metaphors already abound
the bowed head
the sunken hope
I want to
say it again
in my own way
or any other.
It does not lose
so strong it is,
such a prince.
Her second book of poems is a lot like her first. Disappointment again prevails as a theme. The dominant verse form is once again that of the notebook jotting. Each poem is spare, short, barely punctuated, brought to life by a spray of lyric turns of thought. As in the earlier book, the accumulation of reflections on the subject of disappointment tells us poignantly about the speaker’s personal distress, but moment by moment her style of speech stays discreetly generalized, abstract, and impersonal. She manages to sound philosophical and heartbroken at the same time.
The poems have a new temporal slant, though: disappointment now comes with a pained sense of lost time, lost opportunities, and a clock running out. It’s one thing to see hopes come to nothing, it’s another to feel that those hopes are the only ones you are going to have.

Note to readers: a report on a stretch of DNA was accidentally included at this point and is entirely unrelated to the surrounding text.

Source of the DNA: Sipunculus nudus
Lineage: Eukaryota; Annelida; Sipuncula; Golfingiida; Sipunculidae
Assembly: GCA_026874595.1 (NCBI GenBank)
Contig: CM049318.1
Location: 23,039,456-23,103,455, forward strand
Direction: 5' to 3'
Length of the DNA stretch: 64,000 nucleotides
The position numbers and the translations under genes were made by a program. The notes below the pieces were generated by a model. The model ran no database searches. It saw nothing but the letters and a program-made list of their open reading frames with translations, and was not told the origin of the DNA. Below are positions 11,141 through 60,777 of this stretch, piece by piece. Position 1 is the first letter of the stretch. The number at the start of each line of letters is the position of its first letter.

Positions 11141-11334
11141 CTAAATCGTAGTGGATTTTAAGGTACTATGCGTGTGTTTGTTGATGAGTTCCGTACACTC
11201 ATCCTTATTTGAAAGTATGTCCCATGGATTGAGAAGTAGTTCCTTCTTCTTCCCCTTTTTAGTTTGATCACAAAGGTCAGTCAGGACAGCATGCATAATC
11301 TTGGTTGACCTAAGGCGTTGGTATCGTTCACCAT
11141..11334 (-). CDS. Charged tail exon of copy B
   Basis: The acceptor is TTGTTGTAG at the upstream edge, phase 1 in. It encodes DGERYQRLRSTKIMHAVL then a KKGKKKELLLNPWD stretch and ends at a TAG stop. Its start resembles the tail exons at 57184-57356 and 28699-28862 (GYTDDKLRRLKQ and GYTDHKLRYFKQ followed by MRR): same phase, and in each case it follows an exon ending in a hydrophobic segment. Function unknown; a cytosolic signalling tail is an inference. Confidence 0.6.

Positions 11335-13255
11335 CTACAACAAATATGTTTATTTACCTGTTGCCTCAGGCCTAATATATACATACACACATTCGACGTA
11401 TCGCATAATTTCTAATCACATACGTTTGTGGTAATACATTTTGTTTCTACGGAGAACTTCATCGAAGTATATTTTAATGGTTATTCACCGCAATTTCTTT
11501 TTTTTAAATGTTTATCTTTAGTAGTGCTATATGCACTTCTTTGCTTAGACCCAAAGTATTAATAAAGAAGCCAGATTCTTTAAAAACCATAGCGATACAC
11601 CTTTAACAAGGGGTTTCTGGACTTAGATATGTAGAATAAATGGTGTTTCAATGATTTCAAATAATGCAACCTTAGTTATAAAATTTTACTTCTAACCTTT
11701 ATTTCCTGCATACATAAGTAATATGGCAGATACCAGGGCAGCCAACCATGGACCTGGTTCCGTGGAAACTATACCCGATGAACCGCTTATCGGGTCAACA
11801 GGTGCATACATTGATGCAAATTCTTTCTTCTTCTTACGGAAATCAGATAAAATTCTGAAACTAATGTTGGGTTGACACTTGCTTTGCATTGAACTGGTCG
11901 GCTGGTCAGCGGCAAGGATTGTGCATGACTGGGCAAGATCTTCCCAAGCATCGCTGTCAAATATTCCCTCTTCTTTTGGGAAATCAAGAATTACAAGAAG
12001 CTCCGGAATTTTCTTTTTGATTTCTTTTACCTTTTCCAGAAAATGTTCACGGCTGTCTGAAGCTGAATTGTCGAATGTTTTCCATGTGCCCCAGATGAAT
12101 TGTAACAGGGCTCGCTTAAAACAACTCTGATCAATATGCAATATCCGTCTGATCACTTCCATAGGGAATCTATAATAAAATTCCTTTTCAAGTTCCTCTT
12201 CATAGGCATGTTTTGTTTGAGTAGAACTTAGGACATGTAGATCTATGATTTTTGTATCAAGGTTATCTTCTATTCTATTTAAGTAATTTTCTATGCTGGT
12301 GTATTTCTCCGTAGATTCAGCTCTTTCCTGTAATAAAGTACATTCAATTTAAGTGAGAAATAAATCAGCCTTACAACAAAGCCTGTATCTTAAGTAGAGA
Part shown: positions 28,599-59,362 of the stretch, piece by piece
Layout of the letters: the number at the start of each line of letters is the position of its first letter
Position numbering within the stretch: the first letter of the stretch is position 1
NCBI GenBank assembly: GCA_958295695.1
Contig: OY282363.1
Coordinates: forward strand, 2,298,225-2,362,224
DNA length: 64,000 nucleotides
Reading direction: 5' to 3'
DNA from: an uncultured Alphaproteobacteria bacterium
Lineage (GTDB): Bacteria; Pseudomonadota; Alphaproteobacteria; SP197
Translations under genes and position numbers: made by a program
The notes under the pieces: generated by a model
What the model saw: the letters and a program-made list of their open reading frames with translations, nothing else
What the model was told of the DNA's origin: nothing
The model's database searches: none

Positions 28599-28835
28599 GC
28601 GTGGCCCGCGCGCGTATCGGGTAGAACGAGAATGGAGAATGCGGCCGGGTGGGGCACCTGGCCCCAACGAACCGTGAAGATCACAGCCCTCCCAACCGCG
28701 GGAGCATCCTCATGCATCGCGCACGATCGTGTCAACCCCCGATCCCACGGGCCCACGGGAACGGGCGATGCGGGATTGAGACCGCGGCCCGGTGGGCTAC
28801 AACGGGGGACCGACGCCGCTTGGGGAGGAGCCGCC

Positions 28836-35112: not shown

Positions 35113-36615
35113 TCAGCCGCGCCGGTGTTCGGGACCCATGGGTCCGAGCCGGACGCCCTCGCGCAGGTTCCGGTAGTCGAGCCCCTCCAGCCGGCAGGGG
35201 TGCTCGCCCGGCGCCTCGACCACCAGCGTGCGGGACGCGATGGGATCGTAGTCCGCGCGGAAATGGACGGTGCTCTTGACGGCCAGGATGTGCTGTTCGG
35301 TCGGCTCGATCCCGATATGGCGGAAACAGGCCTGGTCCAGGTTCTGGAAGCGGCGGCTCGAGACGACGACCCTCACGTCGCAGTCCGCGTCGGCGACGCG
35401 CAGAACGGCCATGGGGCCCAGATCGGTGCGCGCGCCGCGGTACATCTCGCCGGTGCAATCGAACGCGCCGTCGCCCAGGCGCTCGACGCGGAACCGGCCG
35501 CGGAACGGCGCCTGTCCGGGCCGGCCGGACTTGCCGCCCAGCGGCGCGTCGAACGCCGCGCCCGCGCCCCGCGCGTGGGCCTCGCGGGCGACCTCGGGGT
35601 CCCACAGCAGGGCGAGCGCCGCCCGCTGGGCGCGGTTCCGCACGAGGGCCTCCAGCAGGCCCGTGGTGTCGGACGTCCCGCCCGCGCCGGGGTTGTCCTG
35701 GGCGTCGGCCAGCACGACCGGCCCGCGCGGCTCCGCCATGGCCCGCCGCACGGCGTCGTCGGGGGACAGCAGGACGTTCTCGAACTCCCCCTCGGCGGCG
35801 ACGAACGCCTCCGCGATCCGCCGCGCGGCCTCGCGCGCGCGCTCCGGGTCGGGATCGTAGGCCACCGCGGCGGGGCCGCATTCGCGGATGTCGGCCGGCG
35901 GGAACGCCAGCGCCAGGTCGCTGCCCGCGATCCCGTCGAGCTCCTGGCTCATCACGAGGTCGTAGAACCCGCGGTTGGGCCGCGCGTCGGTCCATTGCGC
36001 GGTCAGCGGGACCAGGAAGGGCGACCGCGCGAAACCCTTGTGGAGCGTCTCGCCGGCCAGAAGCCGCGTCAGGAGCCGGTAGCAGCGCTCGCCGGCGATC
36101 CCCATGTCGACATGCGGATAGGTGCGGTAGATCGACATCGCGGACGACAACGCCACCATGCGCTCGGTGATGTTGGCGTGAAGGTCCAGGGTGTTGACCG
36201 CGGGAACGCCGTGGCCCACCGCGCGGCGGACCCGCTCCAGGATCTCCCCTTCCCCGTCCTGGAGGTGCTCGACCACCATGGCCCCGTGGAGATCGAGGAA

Some of the poems look backward, haunted by the thought of choices in the past whose consequences have acquired an irreversible inertia. A “notch/ over time becomes/ the bend in the river,” and in a similar way “yielding to something/ little by little, you become another/ and one day uneasily/ happen upon yourself.” The poet says that she has “done what I did not know/ I was bound to do,” and finds in the form of her life a “multitude/ with all its small blind/ forkings…/…and from each rises the ghost of a lost calling.” She has been caught in cycles, “loop after loop,” but the cycles are “somehow/ invisibly/ moving forward/…/ so you wake up/ way on down/ way past….” Now in the present she feels herself a looker-on at life. She has drifted by imperceptible degrees to where she is “watching/ while others live.” And looking forward, she anticipates death as a sort of sudden disruption and extinction of her relentless hoping. “It occurred to me/ finally that the day/ might not come// that the lifetime of training and preparation/ may be the whole….” She prepares and prepares her defenses against death (and disaster in general), but “at some place/ on the road/ you must go on alone.” She expects the ending to be a sort of solitude in a “snow-bound forest.”